# Topology optimisation of fluids in Stokes flow¶

*Section author: Patrick E. Farrell <patrick.farrell@maths.ox.ac.uk>*

This demo solves example 4 of [4E-BP03].

## Problem definition¶

This problem is to minimise the dissipated power in the fluid

subject to the Stokes equations with velocity Dirichlet conditions

and to the control constraints on available fluid volume

where \(u\) is the velocity, \(p\) is the pressure, \(\rho\) is the control (\(\rho(x) = 1\) means fluid present, \(\rho(x) = 0\) means no fluid present), \(f\) is a prescribed source term (here 0), \(V\) is the volume bound on the control, \(\alpha(\rho)\) models the inverse permeability as a function of the control

with \(\bar{\alpha}\), \(\underline{\alpha}\) and \(q\) prescribed constants. The parameter \(q\) penalises deviations from the values 0 or 1; the higher q, the closer the solution will be to having the two discrete values 0 or 1.

The problem domain \(\Omega\) is parameterised by the aspect ratio \(\delta\) (the domain is 1 unit high and \(\delta\) units wide); in this example, we will solve the harder problem of \(\delta = 1.5\). The boundary conditions are specified in figure 10 of Borrvall and Petersson, reproduced here.

Physically, this problem corresponds to finding the fluid-solid distribution \(\rho(x)\) that minimises the dissipated power in the fluid.

As Borrvall and Petersson comment, it is necessary to solve this problem with \(q=0.1\) to ensure that the result approaches a discrete-valued solution, but solving this problem directly with this value of \(q\) leads to a local minimum configuration of two straight pipes across the domain (like the top half of figure 11). Therefore, we follow their suggestion to first solve the optimisation problem with a smaller penalty parameter of \(q=0.01\); this optimisation problem does not yield bang-bang solutions but is easier to solve, and gives an initial guess from which the \(q=0.1\) case converges to the better minimum.

## Implementation¶

First, the `dolfin`

and `dolfin_adjoint`

modules are
imported:

```
from dolfin import *
from dolfin_adjoint import *
```

Next we import the Python interface to IPOPT. If IPOPT is unavailable on your system, we strongly suggest you install it; IPOPT is a well-established open-source optimisation algorithm.

```
try:
import pyipopt
except ImportError:
print("""This example depends on IPOPT and pyipopt. \
When compiling IPOPT, make sure to link against HSL, as it \
is a necessity for practical problems.""")
raise
# turn off redundant output in parallel
parameters["std_out_all_processes"] = False
```

Next we define some constants, and define the inverse permeability as a function of \(\rho\).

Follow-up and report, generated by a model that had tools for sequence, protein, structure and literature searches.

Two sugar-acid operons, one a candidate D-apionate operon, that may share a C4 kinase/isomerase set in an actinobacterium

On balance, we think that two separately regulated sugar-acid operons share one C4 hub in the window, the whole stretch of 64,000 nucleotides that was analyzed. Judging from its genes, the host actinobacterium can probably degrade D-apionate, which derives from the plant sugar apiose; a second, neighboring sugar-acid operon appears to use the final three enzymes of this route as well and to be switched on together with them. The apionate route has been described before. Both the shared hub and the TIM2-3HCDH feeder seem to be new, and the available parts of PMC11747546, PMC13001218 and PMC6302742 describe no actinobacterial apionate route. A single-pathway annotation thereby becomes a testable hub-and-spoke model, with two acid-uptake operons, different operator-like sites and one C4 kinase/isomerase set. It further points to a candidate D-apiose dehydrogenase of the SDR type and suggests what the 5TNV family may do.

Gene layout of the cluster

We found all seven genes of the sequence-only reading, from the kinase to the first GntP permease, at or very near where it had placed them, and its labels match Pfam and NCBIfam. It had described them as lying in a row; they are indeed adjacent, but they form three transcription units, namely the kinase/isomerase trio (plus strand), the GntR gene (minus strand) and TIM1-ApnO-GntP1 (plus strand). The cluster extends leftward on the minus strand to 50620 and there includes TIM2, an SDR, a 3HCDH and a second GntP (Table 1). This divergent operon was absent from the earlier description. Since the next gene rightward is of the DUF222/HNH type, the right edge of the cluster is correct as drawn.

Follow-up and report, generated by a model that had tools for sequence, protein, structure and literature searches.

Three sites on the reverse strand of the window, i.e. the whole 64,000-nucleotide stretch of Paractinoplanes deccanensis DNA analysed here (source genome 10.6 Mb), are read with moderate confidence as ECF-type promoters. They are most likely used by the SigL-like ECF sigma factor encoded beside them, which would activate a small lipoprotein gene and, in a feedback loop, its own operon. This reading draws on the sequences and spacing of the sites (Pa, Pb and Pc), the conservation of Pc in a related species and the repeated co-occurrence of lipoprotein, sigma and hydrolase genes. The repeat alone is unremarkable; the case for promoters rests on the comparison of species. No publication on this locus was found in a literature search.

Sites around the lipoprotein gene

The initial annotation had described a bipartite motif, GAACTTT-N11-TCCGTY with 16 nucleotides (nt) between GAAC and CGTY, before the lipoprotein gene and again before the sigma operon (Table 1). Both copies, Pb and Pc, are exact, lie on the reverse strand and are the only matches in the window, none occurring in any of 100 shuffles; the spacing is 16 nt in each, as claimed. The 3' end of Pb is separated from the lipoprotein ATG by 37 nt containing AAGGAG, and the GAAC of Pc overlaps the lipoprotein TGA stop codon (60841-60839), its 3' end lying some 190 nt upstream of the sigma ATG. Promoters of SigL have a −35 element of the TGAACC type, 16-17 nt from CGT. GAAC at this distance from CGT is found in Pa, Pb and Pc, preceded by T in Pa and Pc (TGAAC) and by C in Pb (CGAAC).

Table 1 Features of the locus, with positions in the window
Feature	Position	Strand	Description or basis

```
mu = Constant(1.0) # viscosity
alphaunderbar = 2.5 * mu / (100**2) # parameter for \alpha
alphabar = 2.5 * mu / (0.01**2) # parameter for \alpha
q = Constant(0.01) # q value that controls difficulty/discrete-valuedness of solution
def alpha(rho):
"""Inverse permeability as a function of rho, equation (40)"""
return alphabar + (alphaunderbar - alphabar) * rho * (1 + q) / (rho + q)
```

Next we define the mesh (a rectangle 1 high and \(\delta\) wide) and the function spaces to be used for the control \(\rho\), the velocity \(u\) and the pressure \(p\). Here we will use the Taylor-Hood finite element to discretise the Stokes equations [4E-TH73].

```
N = 100
delta = 1.5 # The aspect ratio of the domain, 1 high and \delta wide
V = Constant(1.0/3) * delta # want the fluid to occupy 1/3 of the domain
mesh = Mesh(RectangleMesh(MPI.comm_world, Point(0.0, 0.0), Point(delta, 1.0), N, N))
A = FunctionSpace(mesh, "CG", 1) # control function space
U_h = VectorElement("CG", mesh.ufl_cell(), 2)
P_h = FiniteElement("CG", mesh.ufl_cell(), 1)
W = FunctionSpace(mesh, U_h*P_h) # mixed Taylor-Hood function space
```

Define the boundary condition on velocity

```
class InflowOutflow(UserExpression):
def eval(self, values, x):
values[1] = 0.0
values[0] = 0.0
l = 1.0/6.0
gbar = 1.0
if x[0] == 0.0 or x[0] == delta:
if (1.0/4 - l/2) < x[1] < (1.0/4 + l/2):
t = x[1] - 1.0/4
values[0] = gbar*(1 - (2*t/l)**2)
if (3.0/4 - l/2) < x[1] < (3.0/4 + l/2):
t = x[1] - 3.0/4
values[0] = gbar*(1 - (2*t/l)**2)
def value_shape(self):
return (2,)
```

Next we define a function that given a control \(\rho\) solves the forward PDE for velocity and pressure \((u, p)\). (The advantage of formulating it in this manner is that it makes it easy to conduct Taylor remainder convergence tests.)

```
def forward(rho):
"""Solve the forward problem for a given fluid distribution rho(x)."""
w = Function(W)
(u, p) = TrialFunctions(W)
(v, q) = TestFunctions(W)
F = (alpha(rho) * inner(u, v) * dx + inner(grad(u), grad(v)) * dx +
inner(grad(p), v) * dx + inner(div(u), q) * dx)
bc = DirichletBC(W.sub(0), InflowOutflow(degree=1), "on_boundary")
solve(lhs(F) == rhs(F), w, bcs=bc)
return w
```

Now we define the `__main__`

section. We define the initial guess
for the control and use it to solve the forward PDE. In order to
ensure feasibility of the initial control guess, we interpolate the
volume bound; this ensures that the integral constraint and the bound
constraint are satisfied.

```
if __name__ == "__main__":
rho = interpolate(Constant(float(V)/delta), A)
w = forward(rho)
(u, p) = split(w)